Parable of the Workers in the Vineyard

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Painting of the parable, by Jacob Willemszoon de Wet, mid-17th century

The Parable of the Workers in the Vineyard (also called the Parable of the Laborers in the Vineyard or the Parable of the Generous Employer) is a parable of Jesus which appears in the Gospel of Matthew in the New Testament.

In Matthew Matt 20:1–16, Jesus says that any "laborer" who accepts the invitation to the work in the vineyard (said by Jesus to represent the Kingdom of Heaven), no matter how late in the day, will receive an equal reward with those who have been faithful the longest.


For the kingdom of heaven is like unto a man that is a householder, which went out early in the morning to hire labourers into his vineyard, and when he had agreed with the labourers for a penny a day, he sent them into his vineyard. And he went out about the third hour, and saw others standing idle in the marketplace, And said unto them; Go ye also into the vineyard, and whatsoever is right I will give you, and they went their way. Again he went out about the sixth and ninth hour, and did likewise, and about the eleventh hour he went out, and found others standing idle, and saith unto them, Why stand ye here all the day idle? They say unto him, Because no man hath hired us, he saith unto them, Go ye also into the vineyard; and whatsoever is right, that shall ye receive. So when evening was come, the lord of the vineyard saith unto his steward, Call the labourers, and give them their hire, beginning from the last unto the first, and when they came that were hired about the eleventh hour, they received every man a penny. But when the first came, they supposed that they should have received more; and they likewise received every man a penny, and when they had received it, they murmured against the goodman of the house, Saying, These last have wrought but one hour, and thou hast made them equal unto us, which have borne the burden and heat of the day. But he answered one of them, and said, Friend, I do thee no wrong: didst not thou agree with me for a penny? Take that thine is, and go thy way: I will give unto this last, even as unto thee. Is it not lawful for me to do what I will with mine own? Is thine eye evil, because I am good? So the last shall be first, and the first last: for many be called, but few chosen...

— Matthew 20:1–16, King James Version


The word translated "penny" in the King James Version of this parable is the denarius, a silver coin which was the usual day's wage for a laborer;[1] the hours here are measured starting at about 6:00 AM, so that the eleventh hour is between about 4:00 and 5:00 PM.[2] The workers are poor men working as temporary farmhands during the harvest season,[2] and the employer realizes that they would all need a full day's pay to feed their families;[1][2] the payment at evening follows guidelines in the Hebrew Bible:[1]

You must not keep back the wages of a man who is poor and needy, whether a fellow-countryman or an alien living in your country in one of your settlements. Pay him his wages on the same day before sunset, for he is poor and he relies on them: otherwise he may appeal to the Lord against you, and you will be guilty of sin. Deuteronomy 24:14-15 Revised English Bible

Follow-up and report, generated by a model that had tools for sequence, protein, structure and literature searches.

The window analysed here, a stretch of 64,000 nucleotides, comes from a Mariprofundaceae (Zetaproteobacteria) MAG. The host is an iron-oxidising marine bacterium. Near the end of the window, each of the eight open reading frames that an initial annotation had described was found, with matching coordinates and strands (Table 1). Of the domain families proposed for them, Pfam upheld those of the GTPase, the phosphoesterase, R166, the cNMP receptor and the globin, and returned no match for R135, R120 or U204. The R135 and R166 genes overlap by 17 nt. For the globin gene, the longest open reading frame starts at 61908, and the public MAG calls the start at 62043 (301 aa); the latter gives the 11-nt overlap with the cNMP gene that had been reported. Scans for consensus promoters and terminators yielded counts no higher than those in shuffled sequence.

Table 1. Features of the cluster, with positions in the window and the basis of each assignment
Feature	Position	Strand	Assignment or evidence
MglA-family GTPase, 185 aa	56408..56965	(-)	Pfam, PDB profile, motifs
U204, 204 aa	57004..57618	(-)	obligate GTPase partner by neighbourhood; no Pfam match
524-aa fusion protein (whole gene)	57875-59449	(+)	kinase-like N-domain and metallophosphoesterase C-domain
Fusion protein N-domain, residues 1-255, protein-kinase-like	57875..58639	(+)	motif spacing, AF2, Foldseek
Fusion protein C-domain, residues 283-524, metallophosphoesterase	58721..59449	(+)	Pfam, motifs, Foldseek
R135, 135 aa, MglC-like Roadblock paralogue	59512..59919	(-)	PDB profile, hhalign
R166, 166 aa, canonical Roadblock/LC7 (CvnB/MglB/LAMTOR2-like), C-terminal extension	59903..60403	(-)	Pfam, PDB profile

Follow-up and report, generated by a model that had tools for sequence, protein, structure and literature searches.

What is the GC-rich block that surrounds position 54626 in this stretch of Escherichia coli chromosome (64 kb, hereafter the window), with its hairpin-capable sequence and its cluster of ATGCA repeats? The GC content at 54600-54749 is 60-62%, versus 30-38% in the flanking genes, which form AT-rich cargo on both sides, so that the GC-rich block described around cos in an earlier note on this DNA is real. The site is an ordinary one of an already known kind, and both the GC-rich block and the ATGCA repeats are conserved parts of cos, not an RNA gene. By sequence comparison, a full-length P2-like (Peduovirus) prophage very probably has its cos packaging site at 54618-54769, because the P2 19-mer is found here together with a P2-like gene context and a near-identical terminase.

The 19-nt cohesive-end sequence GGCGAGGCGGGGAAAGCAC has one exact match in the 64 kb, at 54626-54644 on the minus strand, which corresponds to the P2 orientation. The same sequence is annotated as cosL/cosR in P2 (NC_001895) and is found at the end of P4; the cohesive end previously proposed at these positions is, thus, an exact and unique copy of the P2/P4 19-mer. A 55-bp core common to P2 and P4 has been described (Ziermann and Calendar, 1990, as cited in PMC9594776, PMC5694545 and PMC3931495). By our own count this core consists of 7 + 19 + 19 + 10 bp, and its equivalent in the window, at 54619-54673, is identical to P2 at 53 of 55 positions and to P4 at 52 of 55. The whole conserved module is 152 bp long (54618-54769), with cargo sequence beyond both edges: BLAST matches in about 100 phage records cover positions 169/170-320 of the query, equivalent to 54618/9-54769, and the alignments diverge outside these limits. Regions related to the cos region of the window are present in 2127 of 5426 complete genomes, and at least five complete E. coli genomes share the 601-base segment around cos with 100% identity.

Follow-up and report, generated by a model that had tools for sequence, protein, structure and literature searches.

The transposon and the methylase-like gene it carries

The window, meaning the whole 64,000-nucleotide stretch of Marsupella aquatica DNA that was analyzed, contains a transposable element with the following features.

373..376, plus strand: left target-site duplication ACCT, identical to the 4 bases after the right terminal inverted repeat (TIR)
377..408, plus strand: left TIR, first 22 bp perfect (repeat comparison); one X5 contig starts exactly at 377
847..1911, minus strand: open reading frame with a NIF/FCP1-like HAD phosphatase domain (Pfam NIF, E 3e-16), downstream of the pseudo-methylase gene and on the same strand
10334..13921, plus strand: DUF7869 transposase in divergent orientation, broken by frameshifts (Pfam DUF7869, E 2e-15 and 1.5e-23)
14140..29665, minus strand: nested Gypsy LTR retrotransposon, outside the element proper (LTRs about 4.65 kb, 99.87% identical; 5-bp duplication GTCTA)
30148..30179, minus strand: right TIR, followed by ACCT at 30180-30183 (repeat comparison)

This parable stresses God's unmerited grace, rather than any sense of "earning" God's favour.[1][2] In this way it resembles the Parable of the Prodigal Son.[1]

The parable has often been interpreted to mean that even those who are converted late in life earn equal rewards along with those converted early. An alternative interpretation identifies the early laborers as Jews, some of whom resent the late-comers (Gentiles) being welcomed as equals in God's Kingdom.[3] However, Arland J. Hultgren writes:

Painting of the parable by Rembrandt, showing the workers being paid that evening (1637)

While interpreting and applying this parable, the question inevitably arises: Who are the eleventh-hour workers in our day? We might want to name them, such as deathbed converts or persons who are typically despised by those who are longtime veterans and more fervent in their religious commitment, but it is best not to narrow the field too quickly. At a deeper level, we are all the eleventh-hour workers; to change the metaphor, we are all honored guests of God in the kingdom, it is not really necessary to decide who the eleventh-hour workers are. The point of the parable—both at the level of Jesus and the level of Matthew's Gospel—is that God saves by grace, not by our worthiness; that applies to all of us.[4]

Some commentators have used the parable to justify the principle of a "living wage",[5] though generally conceding that this is not the main point of the parable.[5] An example is John Ruskin, who quotes the parable in the title of his book Unto This Last. Ruskin does not discuss the religious meaning of the parable but rather its social and economic implications.

See also[edit]


  1. ^ a b c d e R. T. France, The Gospel of Matthew, Eerdmans, 2007, ISBN 0-8028-2501-X, pp. 746–52.
  2. ^ a b c d Craig S. Keener, A Commentary on the Gospel of Matthew, Eerdmans, 1999, ISBN 0-8028-3821-9, pp. 481–84.
  3. ^ Both interpretations are discussed in Matthew Henry's Complete Commentary on the Whole Bible (1706).
  4. ^ Arland J. Hultgren, The Parables of Jesus: A Commentary, Eerdmans, 2002, ISBN 0-8028-6077-X, p. 43.
  5. ^ a b William Sloane Coffin, The collected sermons of William Sloane Coffin: the Riverside years, Volume 1, Westminster John Knox Press, 2008, ISBN 0-664-23244-2, p. 109.